I'm loving it. You just can't beat a chicken-grilled sandwich, fries and coffee to go from those lovely smiley folk at McDonald's. Ahhh - the adventurous life of the traveller. And ahhhhhh - Hong Kong! You just can't beat the price either. It's the cheapest food around. Thankfully there's the Cafe de Coral too - a Chinese fast food chain that serves up the healthiest food possible in stark contrast. And speaking of stark contrasts. Well, there's the hot sunny weather when we emerge from the station at Kowloon. There's the smoke-free public space along the promenade with the great view of Hong Kong Island. There are the helpful and informative signs in Cantonese and English advising what you can and cannot do for everyone's safety and peace of mind. (Too many signs - the British have left their mark.) And a Falun Gong display of photos with accounts of China's brutal repression and human rights abuses. These are shocking in their own right, but we are doubly shocked to see such a display in public, after three months in China.
We take the best boat-ride to be had - the public Star Ferry across the harbour to Hong Kong Island - and go straight to the post office to collect a parcel from Poste Restante. My Mum and Dad have sent our camping equipment out to us along with some rather tasty chocolate which we sample while unpacking and repacking our rucksacks. Then it's a late lunch at the aforementioned global junk food emporium before we take another ferry to Lamma Island, an island without roads or cars. We've come here to couch surf with Adrian, a charming young Romanian who works in the city and lives alone in a small flat on the island. It turns out that Adrian is a very generous host and once he learns that we have come to trek some of Hong Kong's trails, he kindly invites us to leave excess baggage with him and to return whenever we like. Adrian thinks of Hong Kong as 'a London in Asia', but thinks the Chinese are ruining it. I'm not sure how. The locals he works with meanwhile refer to the mainland dismissively as 'The Farm'. There is certainly a sense that Hong Kong locals seem more sophisticated than mainland Chinese but I'd be hard-pressed to pinpoint why. Is it in their haircuts???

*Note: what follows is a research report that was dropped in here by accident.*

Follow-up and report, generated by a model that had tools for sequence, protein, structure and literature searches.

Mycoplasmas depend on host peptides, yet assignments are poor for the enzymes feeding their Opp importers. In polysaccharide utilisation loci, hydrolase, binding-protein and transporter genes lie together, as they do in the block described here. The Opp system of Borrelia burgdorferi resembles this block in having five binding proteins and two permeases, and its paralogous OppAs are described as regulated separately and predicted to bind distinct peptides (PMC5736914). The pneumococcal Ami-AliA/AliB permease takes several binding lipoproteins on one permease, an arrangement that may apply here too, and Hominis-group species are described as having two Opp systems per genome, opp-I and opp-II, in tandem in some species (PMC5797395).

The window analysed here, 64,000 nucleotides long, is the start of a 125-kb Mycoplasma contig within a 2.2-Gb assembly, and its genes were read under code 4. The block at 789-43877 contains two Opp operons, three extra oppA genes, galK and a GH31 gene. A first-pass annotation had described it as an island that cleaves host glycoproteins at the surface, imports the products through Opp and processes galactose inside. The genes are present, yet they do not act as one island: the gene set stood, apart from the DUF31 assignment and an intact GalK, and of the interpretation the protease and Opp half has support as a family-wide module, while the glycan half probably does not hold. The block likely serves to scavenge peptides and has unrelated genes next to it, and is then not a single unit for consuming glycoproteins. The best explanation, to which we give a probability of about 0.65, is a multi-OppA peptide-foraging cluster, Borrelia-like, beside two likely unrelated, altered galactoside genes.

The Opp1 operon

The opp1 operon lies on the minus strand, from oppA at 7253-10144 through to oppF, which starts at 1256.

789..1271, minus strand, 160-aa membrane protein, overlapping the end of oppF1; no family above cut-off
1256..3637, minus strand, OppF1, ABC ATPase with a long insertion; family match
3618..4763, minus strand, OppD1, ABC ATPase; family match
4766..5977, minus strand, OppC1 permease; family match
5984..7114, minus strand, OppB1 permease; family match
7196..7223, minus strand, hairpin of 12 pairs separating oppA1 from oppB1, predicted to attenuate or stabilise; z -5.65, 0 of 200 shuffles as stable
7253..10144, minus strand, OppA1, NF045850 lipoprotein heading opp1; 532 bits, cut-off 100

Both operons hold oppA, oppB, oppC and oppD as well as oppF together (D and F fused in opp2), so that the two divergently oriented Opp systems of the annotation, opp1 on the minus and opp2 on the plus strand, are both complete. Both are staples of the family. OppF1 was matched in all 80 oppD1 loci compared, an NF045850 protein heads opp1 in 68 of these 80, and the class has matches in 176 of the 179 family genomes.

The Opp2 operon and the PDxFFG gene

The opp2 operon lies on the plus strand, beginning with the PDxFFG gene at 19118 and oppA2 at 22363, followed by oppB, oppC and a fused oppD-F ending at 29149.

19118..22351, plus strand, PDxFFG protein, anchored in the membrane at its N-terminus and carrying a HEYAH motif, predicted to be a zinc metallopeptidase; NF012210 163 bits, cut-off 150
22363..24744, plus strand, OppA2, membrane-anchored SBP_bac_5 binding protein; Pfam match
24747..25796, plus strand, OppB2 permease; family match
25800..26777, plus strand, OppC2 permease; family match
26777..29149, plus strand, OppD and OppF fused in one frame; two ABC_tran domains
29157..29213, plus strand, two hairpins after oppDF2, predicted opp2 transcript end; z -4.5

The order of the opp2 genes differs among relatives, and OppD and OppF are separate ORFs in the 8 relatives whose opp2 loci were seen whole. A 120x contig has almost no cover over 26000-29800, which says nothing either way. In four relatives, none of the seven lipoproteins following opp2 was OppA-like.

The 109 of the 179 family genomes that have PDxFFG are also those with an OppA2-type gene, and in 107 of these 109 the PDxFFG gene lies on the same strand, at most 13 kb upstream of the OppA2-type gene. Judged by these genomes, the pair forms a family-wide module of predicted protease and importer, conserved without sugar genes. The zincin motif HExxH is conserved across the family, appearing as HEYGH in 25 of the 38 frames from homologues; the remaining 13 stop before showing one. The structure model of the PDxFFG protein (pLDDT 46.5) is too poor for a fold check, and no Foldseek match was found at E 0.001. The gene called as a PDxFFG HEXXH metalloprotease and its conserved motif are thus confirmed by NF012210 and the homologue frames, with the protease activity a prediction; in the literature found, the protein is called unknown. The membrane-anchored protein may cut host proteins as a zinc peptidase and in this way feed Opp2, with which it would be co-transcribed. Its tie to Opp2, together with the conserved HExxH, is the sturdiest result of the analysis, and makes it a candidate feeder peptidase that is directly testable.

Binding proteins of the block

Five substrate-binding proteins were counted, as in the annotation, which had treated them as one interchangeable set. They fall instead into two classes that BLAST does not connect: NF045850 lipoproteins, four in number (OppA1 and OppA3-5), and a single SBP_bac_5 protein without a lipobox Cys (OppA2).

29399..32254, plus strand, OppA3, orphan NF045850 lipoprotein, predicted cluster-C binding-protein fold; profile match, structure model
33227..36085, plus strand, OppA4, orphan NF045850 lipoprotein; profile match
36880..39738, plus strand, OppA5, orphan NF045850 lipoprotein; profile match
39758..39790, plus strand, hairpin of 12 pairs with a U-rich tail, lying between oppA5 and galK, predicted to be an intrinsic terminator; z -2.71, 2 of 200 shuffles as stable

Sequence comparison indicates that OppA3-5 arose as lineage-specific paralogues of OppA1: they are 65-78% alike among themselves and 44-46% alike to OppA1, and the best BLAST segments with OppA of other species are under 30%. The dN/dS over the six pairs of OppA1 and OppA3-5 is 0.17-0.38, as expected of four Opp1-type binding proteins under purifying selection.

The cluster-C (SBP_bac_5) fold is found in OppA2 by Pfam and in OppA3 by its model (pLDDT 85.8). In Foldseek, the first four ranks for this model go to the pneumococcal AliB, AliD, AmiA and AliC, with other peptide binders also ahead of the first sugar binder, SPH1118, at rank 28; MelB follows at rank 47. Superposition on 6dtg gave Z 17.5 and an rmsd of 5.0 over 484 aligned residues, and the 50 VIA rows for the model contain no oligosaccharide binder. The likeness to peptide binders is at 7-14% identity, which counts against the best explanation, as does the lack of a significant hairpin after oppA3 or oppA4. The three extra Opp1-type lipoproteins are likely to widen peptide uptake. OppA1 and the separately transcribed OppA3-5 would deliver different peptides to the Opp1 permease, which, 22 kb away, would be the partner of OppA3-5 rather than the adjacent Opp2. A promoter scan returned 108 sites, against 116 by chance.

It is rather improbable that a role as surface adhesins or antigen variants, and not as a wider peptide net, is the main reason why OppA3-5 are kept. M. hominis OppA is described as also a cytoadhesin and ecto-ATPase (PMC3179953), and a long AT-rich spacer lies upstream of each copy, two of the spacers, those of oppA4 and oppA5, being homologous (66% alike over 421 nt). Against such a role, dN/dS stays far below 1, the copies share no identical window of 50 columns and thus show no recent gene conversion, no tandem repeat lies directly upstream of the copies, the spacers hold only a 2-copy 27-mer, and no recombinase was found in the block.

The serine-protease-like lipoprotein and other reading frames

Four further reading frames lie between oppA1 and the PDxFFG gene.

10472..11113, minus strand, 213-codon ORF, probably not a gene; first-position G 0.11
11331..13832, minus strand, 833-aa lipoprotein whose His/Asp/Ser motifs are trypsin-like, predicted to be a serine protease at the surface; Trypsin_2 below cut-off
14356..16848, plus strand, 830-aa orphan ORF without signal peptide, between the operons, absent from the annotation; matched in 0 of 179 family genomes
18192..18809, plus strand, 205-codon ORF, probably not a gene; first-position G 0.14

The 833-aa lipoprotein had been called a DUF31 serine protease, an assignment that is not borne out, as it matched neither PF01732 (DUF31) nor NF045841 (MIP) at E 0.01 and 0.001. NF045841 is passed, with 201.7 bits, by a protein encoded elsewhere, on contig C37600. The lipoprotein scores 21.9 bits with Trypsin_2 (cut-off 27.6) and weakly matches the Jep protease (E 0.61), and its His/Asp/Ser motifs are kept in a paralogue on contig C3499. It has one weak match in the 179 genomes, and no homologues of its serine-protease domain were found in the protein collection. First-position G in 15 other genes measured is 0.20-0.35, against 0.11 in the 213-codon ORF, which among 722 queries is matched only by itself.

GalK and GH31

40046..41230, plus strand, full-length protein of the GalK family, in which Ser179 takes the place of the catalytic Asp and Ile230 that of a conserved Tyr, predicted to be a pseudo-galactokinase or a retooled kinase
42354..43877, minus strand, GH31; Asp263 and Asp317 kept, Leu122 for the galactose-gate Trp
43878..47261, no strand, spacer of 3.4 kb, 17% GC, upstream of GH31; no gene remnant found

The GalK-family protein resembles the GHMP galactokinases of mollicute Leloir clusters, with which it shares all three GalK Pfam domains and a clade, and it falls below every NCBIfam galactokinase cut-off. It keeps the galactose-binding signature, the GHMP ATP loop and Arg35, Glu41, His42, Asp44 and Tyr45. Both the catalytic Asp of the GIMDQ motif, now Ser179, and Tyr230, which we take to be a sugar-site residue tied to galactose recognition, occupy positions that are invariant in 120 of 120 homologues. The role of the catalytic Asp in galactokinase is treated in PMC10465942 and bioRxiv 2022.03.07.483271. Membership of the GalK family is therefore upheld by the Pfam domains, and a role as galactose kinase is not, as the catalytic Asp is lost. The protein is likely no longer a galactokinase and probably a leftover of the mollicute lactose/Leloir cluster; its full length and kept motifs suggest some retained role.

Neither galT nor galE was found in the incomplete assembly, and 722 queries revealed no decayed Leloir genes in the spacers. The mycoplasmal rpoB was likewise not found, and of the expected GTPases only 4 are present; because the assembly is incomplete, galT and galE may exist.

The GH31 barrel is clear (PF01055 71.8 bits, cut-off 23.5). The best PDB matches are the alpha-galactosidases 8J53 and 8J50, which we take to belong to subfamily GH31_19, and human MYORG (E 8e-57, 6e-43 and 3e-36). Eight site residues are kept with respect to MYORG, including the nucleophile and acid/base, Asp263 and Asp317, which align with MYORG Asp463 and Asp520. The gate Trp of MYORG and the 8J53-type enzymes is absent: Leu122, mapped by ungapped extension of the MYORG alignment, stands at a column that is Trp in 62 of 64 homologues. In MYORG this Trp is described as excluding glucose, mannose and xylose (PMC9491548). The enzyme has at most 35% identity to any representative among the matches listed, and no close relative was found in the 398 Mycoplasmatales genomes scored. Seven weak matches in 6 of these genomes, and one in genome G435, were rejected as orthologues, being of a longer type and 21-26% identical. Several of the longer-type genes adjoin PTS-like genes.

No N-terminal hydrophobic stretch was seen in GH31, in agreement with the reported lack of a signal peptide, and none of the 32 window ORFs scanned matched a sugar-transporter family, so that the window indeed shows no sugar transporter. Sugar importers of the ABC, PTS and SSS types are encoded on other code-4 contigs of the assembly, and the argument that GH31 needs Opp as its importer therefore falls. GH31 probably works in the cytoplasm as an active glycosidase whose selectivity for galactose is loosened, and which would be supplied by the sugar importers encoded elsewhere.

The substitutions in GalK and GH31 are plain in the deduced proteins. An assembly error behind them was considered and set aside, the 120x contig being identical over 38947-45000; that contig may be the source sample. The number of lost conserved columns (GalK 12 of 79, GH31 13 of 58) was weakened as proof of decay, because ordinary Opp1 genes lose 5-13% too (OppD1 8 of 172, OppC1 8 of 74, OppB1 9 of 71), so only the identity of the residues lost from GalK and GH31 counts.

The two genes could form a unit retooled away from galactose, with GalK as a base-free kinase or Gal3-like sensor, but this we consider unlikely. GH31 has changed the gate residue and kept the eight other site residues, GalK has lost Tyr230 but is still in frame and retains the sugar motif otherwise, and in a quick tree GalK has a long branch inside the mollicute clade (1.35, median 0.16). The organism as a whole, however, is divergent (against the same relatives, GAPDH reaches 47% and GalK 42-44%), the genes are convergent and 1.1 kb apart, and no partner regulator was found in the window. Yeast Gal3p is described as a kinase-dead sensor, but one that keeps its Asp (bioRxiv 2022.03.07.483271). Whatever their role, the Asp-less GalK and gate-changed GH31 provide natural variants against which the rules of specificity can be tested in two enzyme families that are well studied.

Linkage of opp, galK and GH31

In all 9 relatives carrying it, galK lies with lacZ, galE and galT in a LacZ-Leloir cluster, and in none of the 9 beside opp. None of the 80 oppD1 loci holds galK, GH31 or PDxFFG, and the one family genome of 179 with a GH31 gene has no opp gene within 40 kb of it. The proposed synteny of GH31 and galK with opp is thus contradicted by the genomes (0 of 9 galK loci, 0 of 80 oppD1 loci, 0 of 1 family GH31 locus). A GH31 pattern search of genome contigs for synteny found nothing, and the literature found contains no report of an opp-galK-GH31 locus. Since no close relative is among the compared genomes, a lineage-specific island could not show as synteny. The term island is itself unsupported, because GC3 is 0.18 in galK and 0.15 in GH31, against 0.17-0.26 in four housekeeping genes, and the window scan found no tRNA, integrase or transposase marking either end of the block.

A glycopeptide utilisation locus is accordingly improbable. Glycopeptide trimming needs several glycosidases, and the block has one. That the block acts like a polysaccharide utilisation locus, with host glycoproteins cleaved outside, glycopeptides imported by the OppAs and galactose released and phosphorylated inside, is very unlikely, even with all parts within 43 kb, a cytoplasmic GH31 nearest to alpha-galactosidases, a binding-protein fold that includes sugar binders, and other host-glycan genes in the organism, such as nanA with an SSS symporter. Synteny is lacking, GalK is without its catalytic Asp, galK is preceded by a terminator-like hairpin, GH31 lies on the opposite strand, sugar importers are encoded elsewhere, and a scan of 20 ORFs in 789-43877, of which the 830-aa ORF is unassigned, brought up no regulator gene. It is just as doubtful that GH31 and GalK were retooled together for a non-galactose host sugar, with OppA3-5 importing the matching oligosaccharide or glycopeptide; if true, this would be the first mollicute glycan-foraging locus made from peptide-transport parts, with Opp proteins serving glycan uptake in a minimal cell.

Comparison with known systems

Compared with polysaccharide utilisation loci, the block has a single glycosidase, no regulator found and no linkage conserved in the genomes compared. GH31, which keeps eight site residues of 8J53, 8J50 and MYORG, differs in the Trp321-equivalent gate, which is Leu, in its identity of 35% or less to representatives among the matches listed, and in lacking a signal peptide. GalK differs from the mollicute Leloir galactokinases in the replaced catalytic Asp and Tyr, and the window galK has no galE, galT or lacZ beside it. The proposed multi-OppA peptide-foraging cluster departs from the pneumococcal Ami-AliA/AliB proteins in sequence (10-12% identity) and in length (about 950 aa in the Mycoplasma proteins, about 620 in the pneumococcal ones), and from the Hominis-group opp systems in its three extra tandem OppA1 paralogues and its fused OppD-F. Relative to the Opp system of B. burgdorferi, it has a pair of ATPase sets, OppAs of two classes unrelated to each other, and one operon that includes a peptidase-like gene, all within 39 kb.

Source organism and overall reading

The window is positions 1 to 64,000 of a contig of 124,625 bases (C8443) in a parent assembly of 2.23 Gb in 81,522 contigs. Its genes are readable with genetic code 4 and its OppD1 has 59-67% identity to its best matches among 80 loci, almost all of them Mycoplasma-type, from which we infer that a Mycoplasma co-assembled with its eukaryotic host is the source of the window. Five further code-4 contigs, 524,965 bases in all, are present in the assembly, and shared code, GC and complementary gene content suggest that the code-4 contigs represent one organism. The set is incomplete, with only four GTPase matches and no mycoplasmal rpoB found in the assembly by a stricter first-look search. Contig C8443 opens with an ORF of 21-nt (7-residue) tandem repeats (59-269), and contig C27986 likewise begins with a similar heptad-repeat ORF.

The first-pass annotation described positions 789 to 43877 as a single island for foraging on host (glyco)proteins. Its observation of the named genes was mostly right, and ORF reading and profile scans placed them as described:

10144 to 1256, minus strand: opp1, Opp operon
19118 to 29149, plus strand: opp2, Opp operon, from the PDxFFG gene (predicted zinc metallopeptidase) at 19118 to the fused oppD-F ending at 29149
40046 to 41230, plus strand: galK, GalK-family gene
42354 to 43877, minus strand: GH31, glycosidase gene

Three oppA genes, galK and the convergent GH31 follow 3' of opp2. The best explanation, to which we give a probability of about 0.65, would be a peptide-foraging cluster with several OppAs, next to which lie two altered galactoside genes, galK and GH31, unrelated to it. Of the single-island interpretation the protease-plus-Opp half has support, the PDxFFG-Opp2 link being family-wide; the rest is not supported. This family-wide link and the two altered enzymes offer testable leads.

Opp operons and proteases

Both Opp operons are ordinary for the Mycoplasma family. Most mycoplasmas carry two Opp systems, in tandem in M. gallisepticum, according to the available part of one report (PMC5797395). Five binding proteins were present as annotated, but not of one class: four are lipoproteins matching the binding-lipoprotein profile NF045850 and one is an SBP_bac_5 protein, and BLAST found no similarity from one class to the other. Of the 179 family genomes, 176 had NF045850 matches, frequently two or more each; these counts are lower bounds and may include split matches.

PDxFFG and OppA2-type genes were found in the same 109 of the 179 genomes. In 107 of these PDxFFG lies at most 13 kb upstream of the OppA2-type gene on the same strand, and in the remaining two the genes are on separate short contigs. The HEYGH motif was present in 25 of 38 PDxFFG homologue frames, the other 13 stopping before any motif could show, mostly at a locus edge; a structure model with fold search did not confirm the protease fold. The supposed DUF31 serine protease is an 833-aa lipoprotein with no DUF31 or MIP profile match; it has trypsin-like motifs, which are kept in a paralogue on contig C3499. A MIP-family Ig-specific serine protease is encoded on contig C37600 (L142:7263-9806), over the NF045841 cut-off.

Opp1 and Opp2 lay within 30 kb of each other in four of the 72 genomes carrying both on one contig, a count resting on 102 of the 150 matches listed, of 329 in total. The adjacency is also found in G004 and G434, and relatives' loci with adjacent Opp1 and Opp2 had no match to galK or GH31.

After a couple of days pootling about we buy supplies for trekking. Getting petrol for the stove seems to be a problem at one petrol station. After saying no, none of the staff gives us eye contact. We were never treated like this in China. Still, there is the super-efficient Tourist Information staff who track down a place where we can buy some and off we go to walk some of the MacLehose Trail which runs along the ridge of hills that separate Kowloon from the rest of the New Territories on the peninsula. Our first day's walk takes us over Tai Mo Shan, Hong Kong's highest peak at about 950 metres, which promises great views over the whole area. Unless the cloud drops and you disappear into the thick mist, that is. It turns out to be the worst weather day, and from then on we have sun and light cloud as we cross eastwards above the skyscrapers and appartment blocks of the townships. It's good walking and there are some campsites with toilets, but on our second night we end up carrying water and having to camp right on the trail beneath a high-security radar station. I am spooked by troops of monkeys on some stretches of the trail that is forested, and occasionally we pass silent packs of dogs. These animals are pets that have been dumped in the national parks by locals. At one point we pass a group of vets in white body suits sterilising the monkeys - a rather weird sight. In the end we don't make it to the beach at the end of the trail - it's cloudy and trying to rain and we opt to return to Adrian's. It's the weekend though and there are hundreds of locals of all ages out on the trails and off to the beach with their tents.
Our other hike is on Lantau Island. We climb Hong Kong's second highest peak which promises great views over the whole area. Unless the cloud drops and you disappear into the thick mist, that is. We descend to a campsite above a monastery and a huge sitting Buddha statue, which serves as a pilgrimage place and a tourist attraction. The Buddha faces eastwards looking out towards the new airport, as if he's looking out for the Cathay Pacific flight from Singapore. Our second day takes us along rolling hills and down to a beach campsite where we can relax in solitude. Its hard to imagine we're in Hong Kong, having spent so much of the time in the national parks well away from the hustle and bustle.
When we get back to Adrian's for the final time we discover a full house. He seems to welcome everyone and we've already met a few other couch surfers there. On this evening there is also a Moldovan man who is bumming his way around Asia with an old bike with no gears or brakes. His stuff is in plastic bags tied to the handlebars and he looks like he spent the last night sleeping under a bridge. He probably has. He's already spent three years like this visiting every country in Africa, but in Asia he keeps having problems entering countries. No wonder really as he looks penniless. Adrian is as kind and generous as ever and wants to help him along. It strikes us that couch surfing hosts seem to have something special - to open their doors to complete strangers, demonstrating such trust and hospitality - it renews our faith in humanity, after witnessing in Hong Kong what seems to be only relentless consumption. Speaking of which, anyone for McDonalds??